Community engagement needs to be taken more seriously at all steps of the process.

The attorney general’s revised guidelines clearly call on hospitals for more intense emphasis on the need for greater community engagement. They require hospitals to more demonstrably show community member involvement in performing needs assessment, developing community benefit plans, and evaluating efforts. Both hospital self-assessment and community member assessment of the hospital’s engagement efforts in these processes became required elements for reporting for the first time this past year.

The public can view an individual hospital’s self-assessment form on the attorney general’s website. Included in the form is the hospital’s plan to address health equity in its community.  In recent weeks, the attorney general’s office also published a summary report  of community members’ experience with hospital’s engagement efforts. This year, 209 respondents from across 45 hospitals completed an assessment of community engagement efforts by their hospital; 87 percent of the respondents were members of a hospital community benefit committee.

While there was a generally positive overall response to hospitals’ efforts, there was a mixed response when it came to engagement for defining the community to be served, establishing priorities for implementation and program design, and engaging in program implementation and evaluation.  Community members offered some good strategies for expanded and deeper collaboration, including giving community members’ perspectives more weight in helping to guide issue prioritization, and in establishing the levels of investment in social determinants of health.  Community member evaluations also noted a need for greater regional collaboration,  as well as the need for greater involvement and presence of hospital senior leadership in the entire community benefits process.  We hope hospital administrators will review community comments and take to heart some of the suggestions offered by community members.

Key lessons from the COVID pandemic. 

We all know that in both treating those sick and infected with COVID, as well as preventing the spread of further infection, good care and infection control practices are not required for hospitals alone.  The COVID pandemic underscores that at nursing homes, other congregate living facilities for seniors and disabled, and in-home care environments—these are all settings where good infection control practices and abilities, and the health of workers in those settings, will ultimately impact both the numbers of hospitalized COVID patients as well as overall community public health.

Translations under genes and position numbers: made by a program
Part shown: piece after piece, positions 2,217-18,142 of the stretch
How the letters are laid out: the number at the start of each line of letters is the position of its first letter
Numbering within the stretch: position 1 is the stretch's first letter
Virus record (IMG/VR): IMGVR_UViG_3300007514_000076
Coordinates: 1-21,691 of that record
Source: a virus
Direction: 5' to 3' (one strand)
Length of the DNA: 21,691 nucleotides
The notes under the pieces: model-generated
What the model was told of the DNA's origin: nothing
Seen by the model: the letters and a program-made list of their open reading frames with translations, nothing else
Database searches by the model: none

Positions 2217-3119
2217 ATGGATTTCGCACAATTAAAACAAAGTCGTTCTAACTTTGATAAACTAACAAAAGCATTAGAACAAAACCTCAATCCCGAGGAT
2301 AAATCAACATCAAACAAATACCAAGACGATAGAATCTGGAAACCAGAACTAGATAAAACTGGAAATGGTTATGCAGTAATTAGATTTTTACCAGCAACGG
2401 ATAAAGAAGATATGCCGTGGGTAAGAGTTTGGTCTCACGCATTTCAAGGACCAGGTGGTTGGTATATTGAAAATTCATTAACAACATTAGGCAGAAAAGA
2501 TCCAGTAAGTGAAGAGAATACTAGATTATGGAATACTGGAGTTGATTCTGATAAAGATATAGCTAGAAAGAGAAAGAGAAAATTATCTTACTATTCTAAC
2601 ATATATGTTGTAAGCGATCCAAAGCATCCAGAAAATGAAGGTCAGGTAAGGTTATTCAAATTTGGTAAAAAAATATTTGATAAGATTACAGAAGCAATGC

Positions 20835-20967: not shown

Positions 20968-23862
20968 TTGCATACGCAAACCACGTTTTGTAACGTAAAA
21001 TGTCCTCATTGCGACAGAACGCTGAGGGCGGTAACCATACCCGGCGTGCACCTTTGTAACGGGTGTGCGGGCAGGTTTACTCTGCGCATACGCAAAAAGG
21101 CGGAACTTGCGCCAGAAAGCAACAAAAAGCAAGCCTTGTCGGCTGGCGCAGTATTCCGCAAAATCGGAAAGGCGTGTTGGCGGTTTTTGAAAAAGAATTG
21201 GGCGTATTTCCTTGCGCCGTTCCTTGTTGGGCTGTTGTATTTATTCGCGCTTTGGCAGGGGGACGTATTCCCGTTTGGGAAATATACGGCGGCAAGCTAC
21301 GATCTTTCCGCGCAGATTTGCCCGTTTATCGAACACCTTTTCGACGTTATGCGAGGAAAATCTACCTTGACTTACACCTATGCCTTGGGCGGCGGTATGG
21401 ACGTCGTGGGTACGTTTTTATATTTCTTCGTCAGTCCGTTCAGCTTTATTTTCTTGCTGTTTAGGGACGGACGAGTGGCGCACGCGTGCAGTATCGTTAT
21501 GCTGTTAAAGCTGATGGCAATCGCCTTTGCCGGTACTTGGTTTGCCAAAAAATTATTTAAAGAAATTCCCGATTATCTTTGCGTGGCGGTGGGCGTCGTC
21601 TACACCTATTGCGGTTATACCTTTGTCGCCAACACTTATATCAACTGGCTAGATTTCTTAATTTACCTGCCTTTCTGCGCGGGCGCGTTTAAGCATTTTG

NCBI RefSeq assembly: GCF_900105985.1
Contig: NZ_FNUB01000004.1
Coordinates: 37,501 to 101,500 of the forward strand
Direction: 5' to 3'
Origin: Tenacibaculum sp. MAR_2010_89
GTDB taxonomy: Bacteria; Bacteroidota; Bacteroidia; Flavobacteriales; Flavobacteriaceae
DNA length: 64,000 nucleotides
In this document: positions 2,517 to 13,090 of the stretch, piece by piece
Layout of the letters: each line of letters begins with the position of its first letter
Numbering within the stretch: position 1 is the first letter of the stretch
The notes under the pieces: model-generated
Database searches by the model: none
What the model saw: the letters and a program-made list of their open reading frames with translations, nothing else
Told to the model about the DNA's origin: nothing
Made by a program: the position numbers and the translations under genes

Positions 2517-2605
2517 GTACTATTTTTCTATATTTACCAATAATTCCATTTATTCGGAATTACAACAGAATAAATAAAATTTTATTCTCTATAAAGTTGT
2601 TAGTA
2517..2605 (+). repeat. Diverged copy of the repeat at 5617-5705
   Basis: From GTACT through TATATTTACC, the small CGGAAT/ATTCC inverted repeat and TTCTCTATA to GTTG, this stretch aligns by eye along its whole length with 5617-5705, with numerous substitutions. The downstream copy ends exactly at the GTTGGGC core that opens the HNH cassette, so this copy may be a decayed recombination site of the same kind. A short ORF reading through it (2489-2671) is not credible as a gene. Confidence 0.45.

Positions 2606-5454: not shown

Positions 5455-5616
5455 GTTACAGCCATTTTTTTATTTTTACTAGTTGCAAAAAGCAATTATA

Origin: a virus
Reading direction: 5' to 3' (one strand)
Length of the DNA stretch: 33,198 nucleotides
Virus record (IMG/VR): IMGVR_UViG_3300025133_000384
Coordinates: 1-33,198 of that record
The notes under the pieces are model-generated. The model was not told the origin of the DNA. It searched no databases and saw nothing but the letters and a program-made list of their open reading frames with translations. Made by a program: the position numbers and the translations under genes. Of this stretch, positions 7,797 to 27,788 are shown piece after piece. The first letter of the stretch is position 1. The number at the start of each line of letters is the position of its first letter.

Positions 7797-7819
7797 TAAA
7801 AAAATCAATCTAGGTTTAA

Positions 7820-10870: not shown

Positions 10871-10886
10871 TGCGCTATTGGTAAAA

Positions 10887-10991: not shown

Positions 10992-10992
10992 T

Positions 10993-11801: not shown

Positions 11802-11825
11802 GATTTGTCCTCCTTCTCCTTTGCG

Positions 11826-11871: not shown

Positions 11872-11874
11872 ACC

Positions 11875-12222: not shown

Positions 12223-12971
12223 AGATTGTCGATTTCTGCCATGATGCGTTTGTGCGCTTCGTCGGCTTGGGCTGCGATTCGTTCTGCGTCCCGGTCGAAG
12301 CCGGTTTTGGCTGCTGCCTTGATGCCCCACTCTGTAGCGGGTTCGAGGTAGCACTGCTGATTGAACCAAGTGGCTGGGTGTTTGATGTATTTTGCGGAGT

If there were any doubts that community benefits of a hospital in such an era should include providing support to institutional or individual home care providers for such things as personal protection equipment, infection control, testing, and vaccination access, COVID erases all of them.   It will be of interest to see how many such hospital efforts are identified in next year’s hospital submissions.

 The COVID pandemic has also catalyzed something that the attorney general encouraged in its revised 2018 guidelines – joint planning and implementation of efforts to address community needs. There is even a specific expense category for such collaborations. The range of reporting spending in this category was interesting.  Some like Boston Children’s and Dana Farber, reported over $2 million and $1 million of expense, respectively.  Lawrence General at over $300,000, reported more expense here than any other direct spending category.  This compares with our largest hospital system, Massachusetts General Brigham, which reported no expense at all in this category even though we have personally participated with Mass General Brigham on such initiatives. Something seems amiss here.

We witnessed the benefits of hospital cooperation during COVID, with hospitals offering mutual help with PPE shortages or to prevent any one hospital from being overwhelmed with too many patients.   This reminds us what our hospitals can do when they truly feel a need to work together—remember what happened during  the Marathon bombing.

We need to capture this collaborative spirit and employ it daily, well beyond the duration of these (hopefully) worst phases of the pandemic, and use it to address a range of social and public health issues.  There have been some small steps in this direction around affordable housing in Boston (even pre-pandemic) by a few institutions, but even there, the efforts to date have been limited and really are only an outgrowth of mandated determination of need expenditures.

Meet the Author

Enid Eckstein

Advocate, Community engagement, development and healthcare transformation
Meet the Author

Paul A. Hattis

Retired associate professor, Tufts University Medical School
All in all, though these revised guidelines have helped move the field ahead in efforts to better align their community benefit programs and spending with key community health and equity needs, there is still a ways to go. More than ever, we need to make sure that the next steps forward are much bigger leaps.

Enid Eckstein is active in community engagement, development, and healthcare transformation and Paul Hattis is a retired associate professor at Tufts Medical School.